• Trace-

      You are a loser! You represent the negativity of do-nothing/complaining/uninformed opinion that too often the internet provides a forum for. As Jo says, walk before you talk!

      • sorry. I believe that design criticism is a valid field, and I believe that Americans need to be more informed and demanding of our designers.. A good example is the 9/11 memorial. It is a fright! A few very good criticisms of the design have been published . Not all negativity is snarkyness. It is possible to have an informed opinion. And it is possible for designs to be simply bad. I don’t put this design in the category of the 9/11 memorial, but more in a C grade of uninspired and lacking in vision, as well as the most important element for park design, ‘usability.’ The worst thing a public park can be is a fragile amalgam of expensive and uncomfortable details, with no regards taken for the functional dimensions of human nature..Lets go for a walk – I LOVE to talk steps and benches – I think endlessly about landscape design, and love a good discussion.

  2. Stunning work. The results of your amazing designs will be in actual usage from the population that enjoys it. So often parks are unwelcome design flawed, utility oriented messes. This one combines what had been created, abandoned, and then necessary for the people to enjoy again. Thank you for all of your considerations, quiet walkways, native grasses, and lonely trees. I applaud the design, the joy that is already being expressed by a people that craves a line drawing them together. Hooray.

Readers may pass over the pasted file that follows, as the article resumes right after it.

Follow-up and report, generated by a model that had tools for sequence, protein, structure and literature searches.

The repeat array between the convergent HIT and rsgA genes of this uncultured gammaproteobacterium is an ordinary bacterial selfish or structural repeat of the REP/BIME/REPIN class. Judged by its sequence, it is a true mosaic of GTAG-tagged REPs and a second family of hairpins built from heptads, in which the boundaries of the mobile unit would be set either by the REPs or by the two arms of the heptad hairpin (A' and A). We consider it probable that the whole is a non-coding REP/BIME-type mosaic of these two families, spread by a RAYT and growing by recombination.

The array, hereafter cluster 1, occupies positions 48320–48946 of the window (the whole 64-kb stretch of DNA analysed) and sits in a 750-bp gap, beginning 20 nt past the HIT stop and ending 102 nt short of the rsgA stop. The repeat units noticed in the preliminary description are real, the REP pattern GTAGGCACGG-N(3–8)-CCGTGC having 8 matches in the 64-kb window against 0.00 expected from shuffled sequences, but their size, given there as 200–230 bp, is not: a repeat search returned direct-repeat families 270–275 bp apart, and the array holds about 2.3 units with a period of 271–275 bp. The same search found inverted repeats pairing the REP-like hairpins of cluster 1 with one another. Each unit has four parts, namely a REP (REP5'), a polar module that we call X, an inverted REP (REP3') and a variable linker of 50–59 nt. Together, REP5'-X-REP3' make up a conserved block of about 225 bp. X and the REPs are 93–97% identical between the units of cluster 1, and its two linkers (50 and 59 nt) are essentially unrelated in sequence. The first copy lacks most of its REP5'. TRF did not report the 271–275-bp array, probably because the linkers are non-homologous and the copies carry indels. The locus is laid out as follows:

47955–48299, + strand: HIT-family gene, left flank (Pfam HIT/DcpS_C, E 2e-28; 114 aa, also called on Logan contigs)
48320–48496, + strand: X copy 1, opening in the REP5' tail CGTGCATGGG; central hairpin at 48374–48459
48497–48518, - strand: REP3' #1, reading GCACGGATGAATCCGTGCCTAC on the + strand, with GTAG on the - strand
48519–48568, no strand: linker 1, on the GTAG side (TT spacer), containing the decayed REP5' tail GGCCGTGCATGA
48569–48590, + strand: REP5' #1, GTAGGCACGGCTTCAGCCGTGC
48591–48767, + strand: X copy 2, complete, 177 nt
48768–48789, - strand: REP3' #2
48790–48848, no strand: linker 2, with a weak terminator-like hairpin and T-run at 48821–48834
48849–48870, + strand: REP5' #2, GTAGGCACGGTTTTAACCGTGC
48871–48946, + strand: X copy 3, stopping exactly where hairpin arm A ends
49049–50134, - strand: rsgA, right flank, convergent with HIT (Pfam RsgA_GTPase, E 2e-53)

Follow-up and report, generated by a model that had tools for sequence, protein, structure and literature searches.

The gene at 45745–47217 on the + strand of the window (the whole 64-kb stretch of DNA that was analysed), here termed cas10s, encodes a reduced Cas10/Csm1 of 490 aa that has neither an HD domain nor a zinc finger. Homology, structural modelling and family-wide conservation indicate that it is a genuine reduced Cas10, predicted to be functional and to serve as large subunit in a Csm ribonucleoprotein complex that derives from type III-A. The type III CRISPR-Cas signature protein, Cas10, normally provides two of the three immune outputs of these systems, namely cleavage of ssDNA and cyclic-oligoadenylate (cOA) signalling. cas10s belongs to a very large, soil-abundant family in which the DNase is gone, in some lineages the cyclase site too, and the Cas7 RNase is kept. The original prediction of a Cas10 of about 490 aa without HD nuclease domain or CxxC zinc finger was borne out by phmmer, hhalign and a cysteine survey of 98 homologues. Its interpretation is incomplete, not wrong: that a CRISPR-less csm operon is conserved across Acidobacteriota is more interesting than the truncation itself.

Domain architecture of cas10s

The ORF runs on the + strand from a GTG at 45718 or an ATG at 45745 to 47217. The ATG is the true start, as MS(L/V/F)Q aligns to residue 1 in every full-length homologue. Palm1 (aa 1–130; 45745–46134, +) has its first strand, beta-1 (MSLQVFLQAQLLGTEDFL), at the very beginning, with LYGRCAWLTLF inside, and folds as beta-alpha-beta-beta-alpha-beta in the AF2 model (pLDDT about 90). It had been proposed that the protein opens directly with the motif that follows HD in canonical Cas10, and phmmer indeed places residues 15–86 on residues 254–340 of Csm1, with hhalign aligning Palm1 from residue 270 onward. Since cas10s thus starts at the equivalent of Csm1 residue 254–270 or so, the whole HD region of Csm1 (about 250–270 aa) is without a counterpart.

3. Stunning work MyButt!! You mean we traded tranvestite hookers and low level drug dealers for That? Wheres the frikkin pine trees. If pines are too course choose a sciopoides or a tsuga canadensis. Did you not put in pines because of some stupid concept about the impermanence of things or the transient nature of things? Fugg that give us our whores back. And WTF is up with the chelsea boys crew crusing each other and the pretend cops rutting around bloated and self important? Your perennial choice is Pathetic. Seriously. Lyndon Miller on Crack coulda done a better job. Structurally it roxs but i have a sneaking suspicion that the underside is much more interesting than the above side, though the drainage system is pretty cool, and i do like the concrete benches. Its an immature design.By that im not saying it evokes a feeling of youth, Im saying its an immautre design, even with the size water restrictions/considerations Its immature. Dd you a mock up first, see samples, or concept drawings? Look its fine but for all that cash and all the hype either give us back our whores or some frikkin pine trees okay. Sheesh. Ya coulda done better by going up to nybg and solicited any of the design4 or 5 classes to do a class project, or to city college and talked to any of them. It coulda been designed by ny’ers and built by nyers. Instead you got some idiot full of douchebaggery and blah blah to give us a fluff job. We coulda gotta fluff job before for a LOT cheaper.